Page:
Geschwindner: The only subject we discussed with Dirk was, “They won’t be able to persuade you to be brave. Drive to the basket if you receive the ball. Attempt to dunk it. Keep going even if they slam you down.”
Nowitzki: I knew all of these players were certainly among the greatest in the world at their age, so there was a degree of respect there, but I’d never heard of any of their names in Germany.
Donnie Nelson: The United States came out and put on a terrific full-court press in the first half of the game, and let’s just say our frontcourt was a lot better than our backcourt. And I believe we got the ball past half court a total of ten times in the first half, according to my recall. We were in a lot of danger!
Shulman: The United States got off to a flying start. I recall thinking to myself, “They’re going to vaporize them. This isn’t going to be a game at all.”
Nowitzki: I expected them to be quite athletic. I expected them to push us throughout the game and for us to turn the ball over 100 times.
Raveling: The squad was coached by Alessandro Gamba, a great international coach from Italy. They’re probably around ten minutes into the game when a timeout is called. “George, who in the eff is that man sitting behind the bench advising me how to coach my team?” he says in my ear as I’m sitting right next to their bench at the scorer’s table. I had a feeling he was referring to Holger. “I need you to get his ass off of my bench and quit attempting to teach my squad,” he added. So Dirk had two head coaches, with Holger’s voice being the most recognizable.
Donnie Nelson: Of course, we looked like we were going to be blasted by 100 points going into halftime, and Dirk made his own adjustments heading into the third quarter.
Shulman: Then the German thin kid began fouling everyone out of the game. Approximately six American players fouled out of the game.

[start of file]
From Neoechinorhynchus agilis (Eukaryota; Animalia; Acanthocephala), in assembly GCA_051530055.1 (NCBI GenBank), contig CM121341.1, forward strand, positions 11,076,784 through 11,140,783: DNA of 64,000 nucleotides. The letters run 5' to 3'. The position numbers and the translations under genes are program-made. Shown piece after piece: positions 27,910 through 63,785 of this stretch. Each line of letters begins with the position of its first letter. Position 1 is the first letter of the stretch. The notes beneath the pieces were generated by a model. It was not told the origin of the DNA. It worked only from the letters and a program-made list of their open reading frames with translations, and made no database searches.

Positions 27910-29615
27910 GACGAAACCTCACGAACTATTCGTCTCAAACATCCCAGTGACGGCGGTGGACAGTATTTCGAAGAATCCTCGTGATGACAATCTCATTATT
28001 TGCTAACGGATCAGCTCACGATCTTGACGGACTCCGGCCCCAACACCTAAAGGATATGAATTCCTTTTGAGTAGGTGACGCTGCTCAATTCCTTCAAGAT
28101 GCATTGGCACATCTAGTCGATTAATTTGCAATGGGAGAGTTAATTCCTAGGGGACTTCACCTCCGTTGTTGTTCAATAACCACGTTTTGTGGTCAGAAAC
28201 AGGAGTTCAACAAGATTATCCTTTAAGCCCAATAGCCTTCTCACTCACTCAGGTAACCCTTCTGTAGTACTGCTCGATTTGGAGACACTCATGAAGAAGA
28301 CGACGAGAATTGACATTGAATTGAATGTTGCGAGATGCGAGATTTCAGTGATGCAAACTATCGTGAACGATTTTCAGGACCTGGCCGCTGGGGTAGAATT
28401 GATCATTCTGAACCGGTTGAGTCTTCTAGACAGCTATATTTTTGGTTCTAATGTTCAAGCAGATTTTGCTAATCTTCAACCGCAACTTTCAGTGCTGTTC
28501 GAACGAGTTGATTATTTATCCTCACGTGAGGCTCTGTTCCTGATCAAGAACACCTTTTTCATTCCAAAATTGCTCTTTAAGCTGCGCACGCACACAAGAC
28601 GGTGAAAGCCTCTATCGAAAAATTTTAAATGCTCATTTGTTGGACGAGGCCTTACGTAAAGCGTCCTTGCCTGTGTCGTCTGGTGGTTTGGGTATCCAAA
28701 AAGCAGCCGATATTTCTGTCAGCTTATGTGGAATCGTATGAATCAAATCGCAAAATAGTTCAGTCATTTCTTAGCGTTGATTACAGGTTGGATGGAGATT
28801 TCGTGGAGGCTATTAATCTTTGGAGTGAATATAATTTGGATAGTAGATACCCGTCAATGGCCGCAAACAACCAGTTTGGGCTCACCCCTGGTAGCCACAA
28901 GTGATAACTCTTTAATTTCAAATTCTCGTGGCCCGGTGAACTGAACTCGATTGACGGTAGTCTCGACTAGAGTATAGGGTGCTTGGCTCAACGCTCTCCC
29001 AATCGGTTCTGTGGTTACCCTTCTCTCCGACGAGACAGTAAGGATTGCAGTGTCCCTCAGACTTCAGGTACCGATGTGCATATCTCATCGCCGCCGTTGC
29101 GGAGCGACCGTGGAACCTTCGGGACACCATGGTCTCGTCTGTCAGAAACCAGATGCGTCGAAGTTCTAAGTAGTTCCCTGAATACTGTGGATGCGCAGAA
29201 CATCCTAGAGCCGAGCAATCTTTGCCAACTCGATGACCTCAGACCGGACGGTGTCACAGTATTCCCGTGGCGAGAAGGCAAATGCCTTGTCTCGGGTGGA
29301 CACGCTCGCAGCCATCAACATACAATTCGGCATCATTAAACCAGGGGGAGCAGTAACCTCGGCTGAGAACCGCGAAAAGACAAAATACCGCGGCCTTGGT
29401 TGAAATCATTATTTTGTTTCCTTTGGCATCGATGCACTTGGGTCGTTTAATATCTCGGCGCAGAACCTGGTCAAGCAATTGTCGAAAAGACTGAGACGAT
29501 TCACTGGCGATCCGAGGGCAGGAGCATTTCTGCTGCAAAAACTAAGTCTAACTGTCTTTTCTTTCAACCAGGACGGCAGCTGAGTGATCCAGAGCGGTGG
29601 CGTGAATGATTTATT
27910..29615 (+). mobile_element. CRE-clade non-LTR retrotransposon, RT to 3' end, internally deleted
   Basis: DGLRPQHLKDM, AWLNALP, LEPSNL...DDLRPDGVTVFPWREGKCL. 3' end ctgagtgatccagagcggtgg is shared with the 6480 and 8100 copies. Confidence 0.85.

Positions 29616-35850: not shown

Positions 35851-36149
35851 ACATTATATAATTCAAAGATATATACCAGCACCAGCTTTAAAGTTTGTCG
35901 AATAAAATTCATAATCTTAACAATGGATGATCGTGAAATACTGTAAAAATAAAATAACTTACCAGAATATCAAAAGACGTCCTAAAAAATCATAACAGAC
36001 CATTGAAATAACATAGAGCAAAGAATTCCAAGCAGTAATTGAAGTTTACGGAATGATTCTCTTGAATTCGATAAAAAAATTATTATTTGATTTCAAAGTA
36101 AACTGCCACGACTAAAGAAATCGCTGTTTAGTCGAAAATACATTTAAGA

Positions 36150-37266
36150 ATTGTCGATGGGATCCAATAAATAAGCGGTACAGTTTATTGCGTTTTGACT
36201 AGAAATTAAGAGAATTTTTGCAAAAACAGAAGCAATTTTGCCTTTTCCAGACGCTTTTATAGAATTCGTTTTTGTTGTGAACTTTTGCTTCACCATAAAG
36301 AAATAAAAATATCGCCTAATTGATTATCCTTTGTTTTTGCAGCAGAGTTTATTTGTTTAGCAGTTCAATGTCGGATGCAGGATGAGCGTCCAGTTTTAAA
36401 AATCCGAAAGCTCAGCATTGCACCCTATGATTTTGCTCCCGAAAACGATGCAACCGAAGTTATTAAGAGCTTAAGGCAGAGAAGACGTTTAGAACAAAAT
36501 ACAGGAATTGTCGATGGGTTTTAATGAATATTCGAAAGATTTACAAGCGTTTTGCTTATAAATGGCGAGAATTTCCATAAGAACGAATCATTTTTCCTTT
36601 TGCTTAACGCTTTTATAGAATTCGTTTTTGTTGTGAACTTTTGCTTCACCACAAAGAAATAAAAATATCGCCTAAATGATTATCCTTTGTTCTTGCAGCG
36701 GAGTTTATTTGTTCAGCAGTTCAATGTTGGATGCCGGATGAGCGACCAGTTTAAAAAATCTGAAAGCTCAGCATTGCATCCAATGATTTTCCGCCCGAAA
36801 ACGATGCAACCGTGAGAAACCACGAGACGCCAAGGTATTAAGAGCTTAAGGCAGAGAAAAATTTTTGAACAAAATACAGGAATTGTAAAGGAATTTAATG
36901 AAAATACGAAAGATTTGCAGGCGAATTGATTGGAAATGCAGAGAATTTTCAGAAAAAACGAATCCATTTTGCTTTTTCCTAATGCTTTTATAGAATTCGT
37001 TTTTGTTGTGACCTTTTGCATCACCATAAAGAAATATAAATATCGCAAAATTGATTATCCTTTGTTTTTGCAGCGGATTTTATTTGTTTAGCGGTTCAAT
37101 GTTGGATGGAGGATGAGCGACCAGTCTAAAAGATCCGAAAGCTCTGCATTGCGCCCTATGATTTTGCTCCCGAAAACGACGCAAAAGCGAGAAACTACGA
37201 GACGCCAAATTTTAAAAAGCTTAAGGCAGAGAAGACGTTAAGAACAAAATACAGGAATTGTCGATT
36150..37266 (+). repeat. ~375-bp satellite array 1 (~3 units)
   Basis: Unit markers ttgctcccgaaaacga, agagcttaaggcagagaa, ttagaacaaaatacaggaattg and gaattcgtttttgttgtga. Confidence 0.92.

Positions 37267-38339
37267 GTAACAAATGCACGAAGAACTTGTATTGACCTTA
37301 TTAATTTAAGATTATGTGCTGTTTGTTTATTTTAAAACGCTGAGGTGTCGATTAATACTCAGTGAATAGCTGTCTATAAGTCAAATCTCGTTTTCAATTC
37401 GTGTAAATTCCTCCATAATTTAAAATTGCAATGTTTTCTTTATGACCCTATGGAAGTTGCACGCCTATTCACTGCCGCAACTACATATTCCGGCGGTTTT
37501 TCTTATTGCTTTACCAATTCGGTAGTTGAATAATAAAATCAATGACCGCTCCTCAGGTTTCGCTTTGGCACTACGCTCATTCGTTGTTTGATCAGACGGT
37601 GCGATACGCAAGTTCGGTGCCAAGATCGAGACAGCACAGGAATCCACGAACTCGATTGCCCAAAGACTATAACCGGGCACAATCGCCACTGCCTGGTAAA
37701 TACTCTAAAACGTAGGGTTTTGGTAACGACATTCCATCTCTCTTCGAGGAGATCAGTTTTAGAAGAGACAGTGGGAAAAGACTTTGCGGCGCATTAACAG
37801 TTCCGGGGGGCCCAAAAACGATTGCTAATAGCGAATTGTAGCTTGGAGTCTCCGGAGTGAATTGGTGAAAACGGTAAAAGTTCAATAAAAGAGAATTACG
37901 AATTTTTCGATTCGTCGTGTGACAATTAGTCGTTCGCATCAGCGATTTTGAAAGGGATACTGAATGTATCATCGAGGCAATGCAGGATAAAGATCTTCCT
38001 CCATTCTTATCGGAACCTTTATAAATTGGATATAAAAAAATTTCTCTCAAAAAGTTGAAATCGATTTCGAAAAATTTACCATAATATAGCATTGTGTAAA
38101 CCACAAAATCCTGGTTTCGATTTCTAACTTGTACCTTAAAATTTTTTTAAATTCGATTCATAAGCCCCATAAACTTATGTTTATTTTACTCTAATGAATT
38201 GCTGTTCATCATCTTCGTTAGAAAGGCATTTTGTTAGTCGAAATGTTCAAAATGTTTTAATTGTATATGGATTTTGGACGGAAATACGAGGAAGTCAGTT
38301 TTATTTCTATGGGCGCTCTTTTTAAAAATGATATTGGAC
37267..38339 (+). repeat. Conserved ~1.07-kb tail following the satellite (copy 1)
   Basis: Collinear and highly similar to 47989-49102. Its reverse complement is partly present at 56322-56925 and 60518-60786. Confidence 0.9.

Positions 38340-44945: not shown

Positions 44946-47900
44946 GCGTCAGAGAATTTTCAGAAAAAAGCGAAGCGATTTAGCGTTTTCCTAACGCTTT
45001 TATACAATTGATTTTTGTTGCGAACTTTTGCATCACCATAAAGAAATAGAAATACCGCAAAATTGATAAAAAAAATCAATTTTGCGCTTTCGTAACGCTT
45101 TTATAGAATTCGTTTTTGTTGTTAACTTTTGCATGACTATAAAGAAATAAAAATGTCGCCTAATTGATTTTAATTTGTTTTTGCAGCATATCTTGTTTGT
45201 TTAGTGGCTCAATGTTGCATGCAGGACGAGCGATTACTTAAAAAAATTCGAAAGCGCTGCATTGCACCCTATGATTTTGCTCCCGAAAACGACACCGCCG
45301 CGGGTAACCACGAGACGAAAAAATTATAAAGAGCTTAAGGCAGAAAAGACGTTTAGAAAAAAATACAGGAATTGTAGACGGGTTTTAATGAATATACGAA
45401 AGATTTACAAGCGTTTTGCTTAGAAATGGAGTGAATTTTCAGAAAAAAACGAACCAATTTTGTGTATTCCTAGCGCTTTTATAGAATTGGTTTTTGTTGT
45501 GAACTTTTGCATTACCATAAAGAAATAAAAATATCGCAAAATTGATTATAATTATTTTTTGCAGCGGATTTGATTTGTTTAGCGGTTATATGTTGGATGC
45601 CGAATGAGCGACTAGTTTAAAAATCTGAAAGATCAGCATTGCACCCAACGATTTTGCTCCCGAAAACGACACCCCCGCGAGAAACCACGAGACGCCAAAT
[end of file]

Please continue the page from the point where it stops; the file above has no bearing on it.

Donnie Nelson: Dirk was in when they put the press back on near the top of the key after the first couple of possessions were like the first half, then he begins going up over half court as tall as an oak tree. The poor kid who was kicking the ball out was 5-10 and just trying to get it in when he came across a German oak. And he simply tosses it up there, saying, “Oh, thank god.”
Nowitzki: We did quite well.
‘We had no idea how to protect him.’ ‘This was the first time we’d seen him.’
After the break, Nowitzki controlled the second half, scoring 19 points. In the World team’s 104-99 victory, he had 33 points and 14 rebounds, establishing Hoop Summit marks that would stand for more than a decade.
Shulman: Dirk was the reason for the World’s comeback, because they couldn’t stop him, whether he was shooting from the outside or shooting fake and driving.
Donnie Nelson: Dirk is doing exactly what Holger has been teaching him for years. That is, catch the ball and shoot 3s coast-to-coast like a guard.
World Roster for the Nike Hoop Summit in 1998
|Matt Nielsen (Matt Nielsen) is a||Australia|
|Andrea Michelori is a writer who lives in Italy.||Italy|
|Antonio Latimer is an American football player.||Puerto Rico is a United States territory.|
Darius Songaila, a forward for the World squad who spent eight seasons in the NBA: It was as if the game was designed just for him to demonstrate his abilities to the rest of the globe.
Al Harrington, a 16-year NBA veteran who played forward for the United States, was just outstanding. It was incredible to see a tall, lanky white kid you’d never heard of come out there with so much talent. He had just pleasantly surprised us.
Raveling: I believe he enthralled the other team’s players because he was doing things they’d never seen a large person do before. They didn’t believe he’d be able to shoot so far out, and Dirk was occupied with the ball. This was supposed to be his coming-out celebration.
Donnie Nelson: We ended up creating a game out of it because a 6-11 man took the ball, threw it left and right, and shot 3s. That’s when you truly saw Dirk’s true colors emerge.